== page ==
[Sidenote: Their aims not theoretical but practical]
The Hebrew sages, however, were not mere students of human nature or philosophers. Knowledge to them was not an end in itself, but only a means. Their contribution to Israel's life was counsel (Jer. xviii.18). Their aim was, by the aid of their tried maxims, to so advise the inexperienced, the foolish, indeed, all who needed advice, that they might live the fullest and best lives and successfully attain all worthy ends. While their teaching was distinctively ethical and religious, it was also very practical and utilitarian. As pastors and advisers of the people, they drew their principles and ideals from Israel's prophets, and applied them to the practical, every-day problems of life. It is obvious that without their patient, devoted instruction the preparation of the chosen people for their mission would have been imperfect, and that without a record of their teachings the Old Testament would have been incomplete.
[Sidenote: Their teachings preserved in proverbs]
The proverb was the most characteristic literary form in which the sages treasured and imparted their teachings. Poetical in structure, terse, often figurative or epigrammatic, the proverb was well calculated to arouse individual thought and make a deep impression on the mind. Transmitted from mouth to mouth for many generations, like the popular tradition or law, it lost by attrition all its unnecessary elements, so that, 'like an arrow,' it shot straight to the mark. Based on common human experience, it found a ready response in the heart of man. In this way crystallized experience was transmitted, gathering effectiveness and volume in each succeeding generation. Job viii.8-10 speaks of this accumulated wisdom handed down from the former age, that which the fathers have searched out. They shall teach man and inform him, and utter words out of their heart. Job xv.18 also refers to that which wise men have told from their fathers and have not hid it. A proverb thus orally transmitted not only gains in beauty of form but also in authority, for it is constantly being tested in the laboratory of real life and receives the silent attestation of thousands of men and of many different generations.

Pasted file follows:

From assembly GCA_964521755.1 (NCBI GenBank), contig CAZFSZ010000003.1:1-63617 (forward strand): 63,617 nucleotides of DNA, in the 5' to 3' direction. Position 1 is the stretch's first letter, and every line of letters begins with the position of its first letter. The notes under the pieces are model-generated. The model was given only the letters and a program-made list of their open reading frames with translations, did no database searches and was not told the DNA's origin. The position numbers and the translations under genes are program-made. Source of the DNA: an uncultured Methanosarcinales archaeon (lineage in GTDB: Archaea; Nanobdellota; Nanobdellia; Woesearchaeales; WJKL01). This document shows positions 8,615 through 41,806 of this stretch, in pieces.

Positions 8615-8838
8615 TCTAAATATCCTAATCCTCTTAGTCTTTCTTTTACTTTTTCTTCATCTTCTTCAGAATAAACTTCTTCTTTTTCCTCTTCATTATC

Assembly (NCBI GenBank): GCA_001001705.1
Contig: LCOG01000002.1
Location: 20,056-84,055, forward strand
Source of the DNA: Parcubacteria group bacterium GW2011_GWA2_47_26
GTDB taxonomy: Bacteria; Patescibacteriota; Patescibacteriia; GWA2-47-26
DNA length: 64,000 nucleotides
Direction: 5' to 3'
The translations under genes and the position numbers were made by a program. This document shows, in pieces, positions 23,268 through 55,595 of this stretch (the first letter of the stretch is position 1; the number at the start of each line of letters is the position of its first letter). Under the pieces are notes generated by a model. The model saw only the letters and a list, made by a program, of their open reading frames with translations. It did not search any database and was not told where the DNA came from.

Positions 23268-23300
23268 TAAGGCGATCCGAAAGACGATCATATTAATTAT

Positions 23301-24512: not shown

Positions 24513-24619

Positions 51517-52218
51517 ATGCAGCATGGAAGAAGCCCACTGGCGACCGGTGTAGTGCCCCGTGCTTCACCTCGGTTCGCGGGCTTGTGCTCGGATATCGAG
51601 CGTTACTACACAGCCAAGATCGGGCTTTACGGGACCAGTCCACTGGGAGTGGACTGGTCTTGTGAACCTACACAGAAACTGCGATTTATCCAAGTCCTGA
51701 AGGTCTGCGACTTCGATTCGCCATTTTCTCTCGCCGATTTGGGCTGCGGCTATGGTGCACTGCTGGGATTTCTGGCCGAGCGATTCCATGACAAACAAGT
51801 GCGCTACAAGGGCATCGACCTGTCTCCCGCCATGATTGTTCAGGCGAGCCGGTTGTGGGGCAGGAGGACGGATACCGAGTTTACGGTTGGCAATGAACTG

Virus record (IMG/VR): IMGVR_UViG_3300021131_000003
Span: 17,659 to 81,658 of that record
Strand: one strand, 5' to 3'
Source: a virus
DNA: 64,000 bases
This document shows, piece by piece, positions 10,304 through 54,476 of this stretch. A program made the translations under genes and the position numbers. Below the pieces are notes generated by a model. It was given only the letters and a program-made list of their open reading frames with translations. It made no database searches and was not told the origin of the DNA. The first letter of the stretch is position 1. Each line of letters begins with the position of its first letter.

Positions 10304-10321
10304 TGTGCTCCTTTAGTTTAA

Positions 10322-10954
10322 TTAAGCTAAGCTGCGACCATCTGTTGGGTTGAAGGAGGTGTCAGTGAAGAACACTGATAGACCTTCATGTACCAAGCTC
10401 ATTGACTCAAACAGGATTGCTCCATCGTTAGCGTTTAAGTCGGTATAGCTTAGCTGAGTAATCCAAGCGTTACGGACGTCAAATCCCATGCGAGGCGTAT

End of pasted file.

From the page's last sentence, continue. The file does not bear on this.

[Sidenote: Expansion of the proverb]
When the sages desired to treat a many-sided subject, as, for example, intemperance, they still used proverbs, but combined them into brief gnomic essays (e. g., xxiii.29-85, xxvi.1-17). Sometimes, to fix the attention of their hearers, they combined two proverbs, so as to produce a paradox, as in Proverbs xxvi.4, 5:
Answer not a fool according to his folly,
Later they developed the simple gnomic essay into a philosophical drama, of which Job is the classic example, or into a homily, like Ecclesiastes.
[Sidenote: Use of fables and riddles]
Side by side with the proverb, the sages appear from the earliest times to have used the fable also; this is illustrated by the fable of Jotham in Judges ix.6-21. Of the riddle a famous examples is that of Samson in Judges xiv.14, 18, which combines rhythm of sound with rhythm of thought and well illustrates the form of the earliest popular Hebrew poetry:
Out of the eater came something to eat,